“Muthaland” at Raven Theatre Review - Hosted by Indo-American Heritage Museum

The action takes Minita and us from America to India. Photo: Crimson Cat Studios (Susie Inverso)


IAHM supporters mill in the lobby before the show. This was a near capacity crowd at the Raven Theater. Photo: Peter Kachergis


Minita re-enacts many of her phone conversations with her loving parents. Photo: Crimson Cat Studios (Susie Inverso)


A near capacity crowd offered a standing ovation to Minita Gandhi after her astonishing performance of  “Muthaland” at Raven Theatre on August 2. 


To please her brother/cousin at his arranged marriage and to assuage her parent's concerns that she is unwed and aging, Minita agrees to do a Bollywood dance at her brother/cousin's Indian wedding. Photo: Crimson Cat Studios (Susie Inverso)


During a Talk Back led by Jamil Khoury, Artistic Director of Silk Road Rising where “Muthaland” was developed and performed in April 2015, audience members including numerous  “aunties” and “uncles.” proclaimed the solo show directed by Heidi Stillman “amazing, honest, brave, powerful, engaging, provocative.”


Silk Road Rising's Malik Gillani (Founding Executive Director) and Jamil Khoury (right- Founding Artistic Director) were instrumental in helping Minita bring her one-woman show to life. Photo: Peter Kachergis


After seeing “Muthaland” during its brief run at  Silk Road Rising, IAHM Board members  Raja Nadampalli and Lakshmi Menon  prompted their colleagues to organize  a presentation of “Muthaland”  in keeping with the Indo-American Heritage Museums support of  youth exploring and expressing Indian American identity and efforts to foster understanding and respect for Indian heritage and culture. For upcoming activities and more information check the Indo-American Heritage Museum website


The audience continues to beam at Minita during the post-show discussion. Photo: Peter Kachergis


In a  drama  skillfully developed  from her personal experiences  Minita Gandhi portrays a millennial’s life which is very different from of the lives of the young bride and groom who became her parents.


One of the reasons that Muthaland is so riveting is Minita's ability to quickly transition to many characters-- from astrologers, her parents, Hindi Temple priests, and more-- with quick and seamless transitions. Photo: Crimson Cat Studios (Susie Inverso)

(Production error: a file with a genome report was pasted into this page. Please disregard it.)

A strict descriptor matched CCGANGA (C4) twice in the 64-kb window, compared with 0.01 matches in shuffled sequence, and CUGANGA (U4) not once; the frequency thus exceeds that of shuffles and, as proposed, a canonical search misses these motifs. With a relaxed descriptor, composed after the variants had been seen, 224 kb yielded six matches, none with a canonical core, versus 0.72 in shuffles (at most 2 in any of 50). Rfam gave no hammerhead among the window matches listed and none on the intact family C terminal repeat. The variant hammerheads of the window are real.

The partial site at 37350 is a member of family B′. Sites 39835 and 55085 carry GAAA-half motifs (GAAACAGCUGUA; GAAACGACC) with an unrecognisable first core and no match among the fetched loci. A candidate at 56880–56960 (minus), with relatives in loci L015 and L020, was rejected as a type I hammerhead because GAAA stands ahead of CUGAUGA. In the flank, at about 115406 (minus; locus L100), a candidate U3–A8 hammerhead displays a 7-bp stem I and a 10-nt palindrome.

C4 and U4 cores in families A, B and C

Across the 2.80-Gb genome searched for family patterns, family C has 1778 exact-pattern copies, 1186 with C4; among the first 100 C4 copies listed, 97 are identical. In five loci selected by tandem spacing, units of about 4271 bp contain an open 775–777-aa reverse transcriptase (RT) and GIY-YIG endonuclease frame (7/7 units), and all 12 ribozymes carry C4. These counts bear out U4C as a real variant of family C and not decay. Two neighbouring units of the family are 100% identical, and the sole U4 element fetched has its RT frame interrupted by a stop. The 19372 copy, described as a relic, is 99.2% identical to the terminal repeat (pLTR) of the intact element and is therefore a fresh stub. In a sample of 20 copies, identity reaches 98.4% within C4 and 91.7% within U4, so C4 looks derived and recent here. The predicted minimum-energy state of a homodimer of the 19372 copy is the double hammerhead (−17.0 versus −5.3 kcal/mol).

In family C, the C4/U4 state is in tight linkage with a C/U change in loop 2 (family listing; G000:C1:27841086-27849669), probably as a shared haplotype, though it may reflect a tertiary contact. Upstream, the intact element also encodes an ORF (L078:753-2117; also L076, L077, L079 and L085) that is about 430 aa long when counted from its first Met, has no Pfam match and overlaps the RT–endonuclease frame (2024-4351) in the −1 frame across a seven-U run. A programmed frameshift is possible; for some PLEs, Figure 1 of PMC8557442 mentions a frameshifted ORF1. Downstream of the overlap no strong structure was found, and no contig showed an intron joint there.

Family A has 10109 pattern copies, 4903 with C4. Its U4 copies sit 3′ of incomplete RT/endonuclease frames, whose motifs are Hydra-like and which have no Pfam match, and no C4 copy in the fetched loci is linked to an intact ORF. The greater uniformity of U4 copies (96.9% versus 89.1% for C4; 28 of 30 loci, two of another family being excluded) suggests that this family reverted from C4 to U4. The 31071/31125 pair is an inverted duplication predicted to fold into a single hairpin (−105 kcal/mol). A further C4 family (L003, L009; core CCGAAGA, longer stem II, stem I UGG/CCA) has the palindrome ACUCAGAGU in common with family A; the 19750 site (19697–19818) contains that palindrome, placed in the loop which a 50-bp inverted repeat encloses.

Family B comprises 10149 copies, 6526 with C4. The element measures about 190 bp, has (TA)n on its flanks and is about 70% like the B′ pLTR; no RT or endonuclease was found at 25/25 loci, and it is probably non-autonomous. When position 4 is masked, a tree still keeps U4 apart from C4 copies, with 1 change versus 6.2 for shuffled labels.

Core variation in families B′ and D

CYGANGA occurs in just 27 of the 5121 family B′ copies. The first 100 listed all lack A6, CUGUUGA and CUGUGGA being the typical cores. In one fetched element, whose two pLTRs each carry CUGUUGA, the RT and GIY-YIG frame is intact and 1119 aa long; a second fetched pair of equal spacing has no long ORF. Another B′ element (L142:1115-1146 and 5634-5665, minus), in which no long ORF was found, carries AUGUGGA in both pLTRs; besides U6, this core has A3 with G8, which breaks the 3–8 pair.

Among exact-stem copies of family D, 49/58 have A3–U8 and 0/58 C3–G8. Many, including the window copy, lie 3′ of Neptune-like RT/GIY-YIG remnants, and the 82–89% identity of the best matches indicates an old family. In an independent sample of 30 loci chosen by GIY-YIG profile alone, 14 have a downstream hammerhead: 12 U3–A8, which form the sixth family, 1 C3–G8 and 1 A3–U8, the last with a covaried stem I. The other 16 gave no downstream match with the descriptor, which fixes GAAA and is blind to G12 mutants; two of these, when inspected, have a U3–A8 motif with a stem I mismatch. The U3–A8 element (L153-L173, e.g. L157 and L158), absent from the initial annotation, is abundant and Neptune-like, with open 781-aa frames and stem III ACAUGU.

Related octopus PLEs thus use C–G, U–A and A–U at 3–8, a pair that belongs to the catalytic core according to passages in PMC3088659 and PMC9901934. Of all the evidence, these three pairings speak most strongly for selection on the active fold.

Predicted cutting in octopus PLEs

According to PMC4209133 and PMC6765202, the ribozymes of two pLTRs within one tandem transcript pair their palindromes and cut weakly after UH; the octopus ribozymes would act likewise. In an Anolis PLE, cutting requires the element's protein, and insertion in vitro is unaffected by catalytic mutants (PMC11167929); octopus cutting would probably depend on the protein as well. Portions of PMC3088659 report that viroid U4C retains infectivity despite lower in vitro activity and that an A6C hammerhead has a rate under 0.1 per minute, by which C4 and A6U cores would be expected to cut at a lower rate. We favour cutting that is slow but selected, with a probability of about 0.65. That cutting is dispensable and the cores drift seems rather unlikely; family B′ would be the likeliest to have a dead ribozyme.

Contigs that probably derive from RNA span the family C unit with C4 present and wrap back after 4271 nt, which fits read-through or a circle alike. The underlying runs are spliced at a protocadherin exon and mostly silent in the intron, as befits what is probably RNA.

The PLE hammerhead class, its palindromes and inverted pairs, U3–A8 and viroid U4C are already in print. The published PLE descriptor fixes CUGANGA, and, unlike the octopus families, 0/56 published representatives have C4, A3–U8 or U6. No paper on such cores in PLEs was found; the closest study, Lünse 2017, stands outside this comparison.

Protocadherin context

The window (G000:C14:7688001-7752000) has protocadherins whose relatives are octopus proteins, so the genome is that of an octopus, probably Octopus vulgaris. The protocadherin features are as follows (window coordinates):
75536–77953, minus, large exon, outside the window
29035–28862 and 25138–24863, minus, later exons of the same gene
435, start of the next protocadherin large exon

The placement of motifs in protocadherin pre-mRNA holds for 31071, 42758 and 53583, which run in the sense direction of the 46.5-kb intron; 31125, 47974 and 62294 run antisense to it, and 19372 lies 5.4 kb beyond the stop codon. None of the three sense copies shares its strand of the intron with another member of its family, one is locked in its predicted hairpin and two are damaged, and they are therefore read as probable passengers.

Interspersed with touching moments of spirituality, she confesses hosting a raunchy bachelorette party while her parents were out of town and seriously considering a move to London with a boyfriend. 


Here Minita is re-enacting the advice from an astrologer who tells her of her impending meeting with her true love and marriage. Photo: Crimson Cat Studios (Susie Inverso)


Her yearning to be independent and self-reliant prompted an excursion on her own to a yoga ashram at a famous temple in India where  she discovered  unimaginable perils. 


Holding the family treasure of the suitcase her father brought to America, Minita's story ends with her re-embracing her Indian heritage. Photo: Crimson Cat Studios (Susie Inverso)


Her beautifully crafted story engages the audience in her journey of self-discovery and identity.  


Although she was born in Mumbai, Minita grew up in San Francisco and after study in a Drama Academy has pursued a career in theatre and film in Chicago for the past eight  years. 


During the Talk Back Minita shares that she had never performed before as many "aunties and uncles" before this IAHM-sponsored event. Photo: Peter Kachergis


During the Talk Back after the show, Minita shared that she collaborated closely with her parents on this work but that she has so far spared them from seeing it, as she is concerned that some of the content may prove painful for them to watch. Meanwhile, an audience member spoke for many when he suggested that her parents could not help but be enormously proud of her. Photo: Peter Kachergis


In the post-show Talk Back Minita fended questions about her choices vs . arranged marriages with great diplomatic skill and an appealing open-mindedness to all points of view. Photo: Peter Kachergis


Her recent appearance in  “The Who and the What”  by “Disgraced” writer Ayad Akhtar at Victory Gardens was highly praised.  She appeared in” “Lake Effect”  written by  Rajiv Joseph, acclaimed author of  ”Bengal Tiger in the Bagdad Zoo” at Silk Road Rising, and  worked with Mary Zimmerman on "Arabian Nights,” at Lookinglass Theatre.  Her film credits include "Parvati's Golden Skin" and "The Drunk" and she  has appeared in  Fox's "Chicago Code" and "Onion News.”


Jamil Khoury of Silk Road Rising hosts the exchange between the audience and Minita during the post-show Talk Back. Photo: Peter Kachergis


Silk Road Rising’s next show is “A Great Dive”  written and performed by another young Indian American,  Puja Mohindra.  A limited number of tickets are available  for August 13-16 at Silk Road Rising's website.  Silk Road Theatre is located  in The Chicago Temple, 77 West Washington, Chicago 60602.

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